Southern African Wildlife College

2012 Wildlife College graduates challenged to find solutions

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With the graduation of its 2012 certificate course students, the Southern African Wildlife College this year celebrated 15 years of developing protected area management expertise across the southern African region and beyond.

Keynote speaker, Dr Bartolomeu Soto, Head of the Transfrontier Conservation Area (TFCA) Unit in Mozambique and Board Member of the College since its inception in 1996, told the graduates that they are stepping into one of the most important professions in the world. "It is up to you to help find sustainable solutions to the threats facing not only the reserves in which you are employed but for the planet as a whole," he said.

"Globally species are being lost at a pace 1000 times faster than in recent geological times. In the 2011 update of the IUCN Red List of threatened species, 4192 species are listed as threatened in Sub-Saharan Africa. In addition, Africa has the world's fastest growing population increasing annually at a rate of 2.5%. The demand for resources such as timber, fuel wood, bush meat, fish and fresh water is ever increasing with more land being put to agricultural production rather than the protection of our natural resources," he said.

Globally, the IUCN at its World Congress held in Jeju chose "Nature Plus" as the theme for the Congress and identified the primary topics as climate change, sustainable food production, green growth, the role of conservation in poverty alleviation and the relevance of nature to our lives.

The 64 graduates of both the Higher and Advanced Certificates in Nature Conservation were encouraged to rise to the challenge and make a difference by making a contribution by serving protected areas, fighting poverty and supporting the development of people."You have joined over 8 000 people that have been trained by this College, 319 of them who are already making a difference in countries such as my birth country Mozambique, with several of them having taken up leadership positions in conservation", Dr Soto said.

The 2012 student group represented eight different SADC countries including Namibia, Malawi Mozambique, South Africa, Swaziland, Zambia and Zimbabwe, with one student hailing from Israel. Having presented the first certificate course in 1998, the College has to date trained students from 18 different countries in the year-long certificate programme.

During the graduation ceremony, six students were recognised for their outstanding achievements during the 2012 year. The Rosie Sturgis Award for the Most Improved Student went to Tomás Chibale from the Mozambique Ministry of Tourism and National Parks, the WWF South Africa Award for the Most Outstanding South African Student was awarded to Khumoetsile Phala from North West Parks & Tourism Board, the Hans Hoheisen Award for the Best Protected Area Management Student went to Willem Ponahazo from the Wuparo Conservancy in Namibia and Kefilwe Maimane from North West Parks and Tourism Board was awarded the trophy for the Best Financial Management Student. The two top awards sponsored by Distell for the Best Student — Higher Certificate in Nature Conservation Leadership and the Advanced Certificate in Transfrontier Conservation Management went to Simba Sandram, Zimbabwe Parks and Wildlife Management Authority and Terry Njovu from the Zambian Wildlife Authority respectively.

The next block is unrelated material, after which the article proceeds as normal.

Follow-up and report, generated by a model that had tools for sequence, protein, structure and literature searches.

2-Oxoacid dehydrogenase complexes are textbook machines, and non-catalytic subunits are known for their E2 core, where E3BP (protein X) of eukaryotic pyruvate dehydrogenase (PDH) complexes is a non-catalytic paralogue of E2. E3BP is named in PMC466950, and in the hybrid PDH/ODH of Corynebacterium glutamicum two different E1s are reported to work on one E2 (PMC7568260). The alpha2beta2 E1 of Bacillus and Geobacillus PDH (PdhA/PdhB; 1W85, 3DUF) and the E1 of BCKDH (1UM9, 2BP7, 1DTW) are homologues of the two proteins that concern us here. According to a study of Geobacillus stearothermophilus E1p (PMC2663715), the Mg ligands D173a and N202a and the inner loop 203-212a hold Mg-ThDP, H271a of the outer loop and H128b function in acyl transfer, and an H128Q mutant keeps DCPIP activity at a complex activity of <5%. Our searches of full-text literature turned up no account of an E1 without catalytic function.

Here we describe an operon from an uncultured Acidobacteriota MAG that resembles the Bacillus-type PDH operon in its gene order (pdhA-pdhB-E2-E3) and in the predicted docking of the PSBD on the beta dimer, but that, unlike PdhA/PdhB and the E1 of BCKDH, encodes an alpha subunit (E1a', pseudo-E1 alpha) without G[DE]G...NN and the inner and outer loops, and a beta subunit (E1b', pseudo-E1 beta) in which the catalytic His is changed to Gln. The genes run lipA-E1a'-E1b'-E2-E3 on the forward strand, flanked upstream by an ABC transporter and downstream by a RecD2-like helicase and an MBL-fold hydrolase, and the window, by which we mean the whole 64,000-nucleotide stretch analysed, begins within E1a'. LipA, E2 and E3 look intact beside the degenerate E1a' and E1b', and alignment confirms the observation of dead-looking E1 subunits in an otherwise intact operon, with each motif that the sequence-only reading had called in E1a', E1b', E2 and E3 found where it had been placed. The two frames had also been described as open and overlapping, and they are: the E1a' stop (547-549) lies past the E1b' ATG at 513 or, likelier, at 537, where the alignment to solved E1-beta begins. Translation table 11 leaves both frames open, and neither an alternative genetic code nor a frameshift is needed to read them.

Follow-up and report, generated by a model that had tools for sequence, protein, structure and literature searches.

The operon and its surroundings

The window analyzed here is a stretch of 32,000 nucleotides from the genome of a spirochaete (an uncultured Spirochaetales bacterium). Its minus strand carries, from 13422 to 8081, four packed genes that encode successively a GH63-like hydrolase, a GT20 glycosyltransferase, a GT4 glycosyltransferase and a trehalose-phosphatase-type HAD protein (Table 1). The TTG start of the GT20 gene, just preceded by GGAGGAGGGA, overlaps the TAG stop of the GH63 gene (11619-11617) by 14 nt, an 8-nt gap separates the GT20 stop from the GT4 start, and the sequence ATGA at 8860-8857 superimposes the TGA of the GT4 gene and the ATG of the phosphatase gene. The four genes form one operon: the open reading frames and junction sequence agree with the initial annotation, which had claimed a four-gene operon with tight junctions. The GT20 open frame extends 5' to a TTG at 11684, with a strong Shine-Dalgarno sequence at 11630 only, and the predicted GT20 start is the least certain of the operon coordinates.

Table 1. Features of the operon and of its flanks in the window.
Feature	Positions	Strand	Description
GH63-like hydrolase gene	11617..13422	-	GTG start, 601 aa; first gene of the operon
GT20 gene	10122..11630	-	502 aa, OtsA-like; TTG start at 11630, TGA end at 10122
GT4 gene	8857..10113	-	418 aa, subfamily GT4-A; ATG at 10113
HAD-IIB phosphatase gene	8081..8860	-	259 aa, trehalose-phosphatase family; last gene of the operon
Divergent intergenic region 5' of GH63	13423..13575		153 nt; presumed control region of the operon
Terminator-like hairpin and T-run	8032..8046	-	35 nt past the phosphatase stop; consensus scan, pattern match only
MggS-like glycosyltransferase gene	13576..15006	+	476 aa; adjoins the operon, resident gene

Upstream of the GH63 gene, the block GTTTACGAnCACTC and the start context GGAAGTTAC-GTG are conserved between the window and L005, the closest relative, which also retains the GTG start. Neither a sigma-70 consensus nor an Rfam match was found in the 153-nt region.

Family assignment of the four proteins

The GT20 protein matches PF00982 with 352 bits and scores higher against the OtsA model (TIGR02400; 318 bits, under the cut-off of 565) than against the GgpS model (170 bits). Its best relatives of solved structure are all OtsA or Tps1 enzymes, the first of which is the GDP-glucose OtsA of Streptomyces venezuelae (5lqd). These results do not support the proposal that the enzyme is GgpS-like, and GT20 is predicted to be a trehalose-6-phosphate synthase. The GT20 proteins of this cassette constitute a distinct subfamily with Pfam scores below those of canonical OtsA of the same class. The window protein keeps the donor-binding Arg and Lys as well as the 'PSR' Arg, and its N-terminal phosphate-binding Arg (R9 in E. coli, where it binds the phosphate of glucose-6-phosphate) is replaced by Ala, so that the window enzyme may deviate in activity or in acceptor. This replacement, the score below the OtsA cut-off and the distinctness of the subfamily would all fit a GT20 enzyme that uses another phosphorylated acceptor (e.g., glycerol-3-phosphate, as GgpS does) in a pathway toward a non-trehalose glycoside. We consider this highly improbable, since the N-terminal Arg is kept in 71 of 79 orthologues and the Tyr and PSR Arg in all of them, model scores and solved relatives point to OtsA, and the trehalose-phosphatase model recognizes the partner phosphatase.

Dr Bartolomeu Soto, Mrs Theresa Sowry, Mr Ian Goodwin, Dr Bandile Mkhize, Mr Simba Sandram, Dr Glenda Raven, Mr Mathew Mnisi, Mr Terry Njovu, Mr Werner Myburgh, Prof Brian Reilly

In addition, amidst much excitement, three students from the Higher Certificate course were awarded scholarships made available by the Southern African Wildlife College Trust (SACET) to continue their studies at the Wildlife College. The scholarship recipients included Khumoetsile Phala, North West Parks and Tourism Board, Simba Sandram and Simon Muchatibaya, both of Zimbabwe Parks and Wildlife Management Authority.

Theresa Sowry, CEO of the Wildlife College said that apart from the Higher Education and Training students who graduated, over 1 600 students were trained across various programmes at the Wildlife College over the past year. As such, the College has demonstrated its potential to identify conservation training needs across the region and to respond accordingly.

James Mulomba, Zambian Wildlife Authority, Kefilwe Maimane, North West Parks and Tourism Board and Willem Ponahazo, Wuparo Conservancy, Namibia.
 
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